Samsung Electronics, the world’s largest maker of DRAM, has announced that it had begun shipping samples of the industry's highest-density memory module for server systems. The 32GB DDR3 modules were designed for use in advanced servers, which require high-density and high-performance features at low-power consumption levels. Memory chips that power 32GB modules are made using 40nm fabrication process.
Samsung is using the industry’s highest-density monolithic DDR3 device – a 40nm class, 4Gb DDR3 chip – as the building block for the new 32GB module. This comes one year after the company announced its 50nm-class 2Gb-based, 16GB registered dual inline memory module (RDIMM) last March. Mass production of the 32GB RDIMM is slated to begin next month.
The highly-efficient 32GB RDIMM consists of 36 dual-die 40nm-class 4Gb DDR3 chips that can perform at equal or greater levels to a 40nm-based 16GB RDIMM with no increase in power consumption.
By equipping a two-way server with 32GB modules, a server system can have up to 384GB of memory. This allows for doubling the previously largest density of 192GBs per server with a power increase of less than five percent over that needed for a 16GB module-based system.
In addition, replacing 12 DRAM modules of 16GB density with just six 32GB modules would achieve a 192GB total density, while allowing the DRAM operating speed in a two-way server system to rise by 33% from 800MHz to 1066MHz, as power is cut by 40%.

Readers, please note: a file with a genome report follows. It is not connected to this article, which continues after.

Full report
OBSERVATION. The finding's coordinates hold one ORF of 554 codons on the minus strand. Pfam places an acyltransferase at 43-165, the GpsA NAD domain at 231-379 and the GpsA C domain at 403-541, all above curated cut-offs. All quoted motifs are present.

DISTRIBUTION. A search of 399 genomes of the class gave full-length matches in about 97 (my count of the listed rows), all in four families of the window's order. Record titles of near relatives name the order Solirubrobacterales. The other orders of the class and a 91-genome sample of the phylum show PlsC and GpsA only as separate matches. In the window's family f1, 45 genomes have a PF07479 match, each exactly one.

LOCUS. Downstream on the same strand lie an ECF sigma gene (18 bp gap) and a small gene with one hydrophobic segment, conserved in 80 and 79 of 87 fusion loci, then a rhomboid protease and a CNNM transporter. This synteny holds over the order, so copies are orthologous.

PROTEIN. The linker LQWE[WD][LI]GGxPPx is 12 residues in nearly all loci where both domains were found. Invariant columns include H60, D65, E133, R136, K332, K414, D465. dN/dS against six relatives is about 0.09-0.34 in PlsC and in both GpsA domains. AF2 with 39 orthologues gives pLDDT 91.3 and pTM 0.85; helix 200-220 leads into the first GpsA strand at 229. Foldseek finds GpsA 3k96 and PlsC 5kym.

In the high-performance segament, four-way servers using 16GB modules, one terabyte of DRAM would be commonplace. By using 32GB RDIMMs, Samsung is moving toward providing four-way servers with 2TB of DRAM each, a migration that it believes will spur introduction of diverse software and a broader scale of server applications.
"Technology leadership is a key factor in Samsung's aggressive competitiveness within the memory industry. Our highly successful implementation of 40nm-class technology is indicative of our determination to move toward the 30nm-class process node in the second half of this year. Our 30nm-class technology will provide even more advanced memory solutions for high-end server and PC applications,” said Soo-In Cho, president and general manager of Samsung Electronics Memory Division.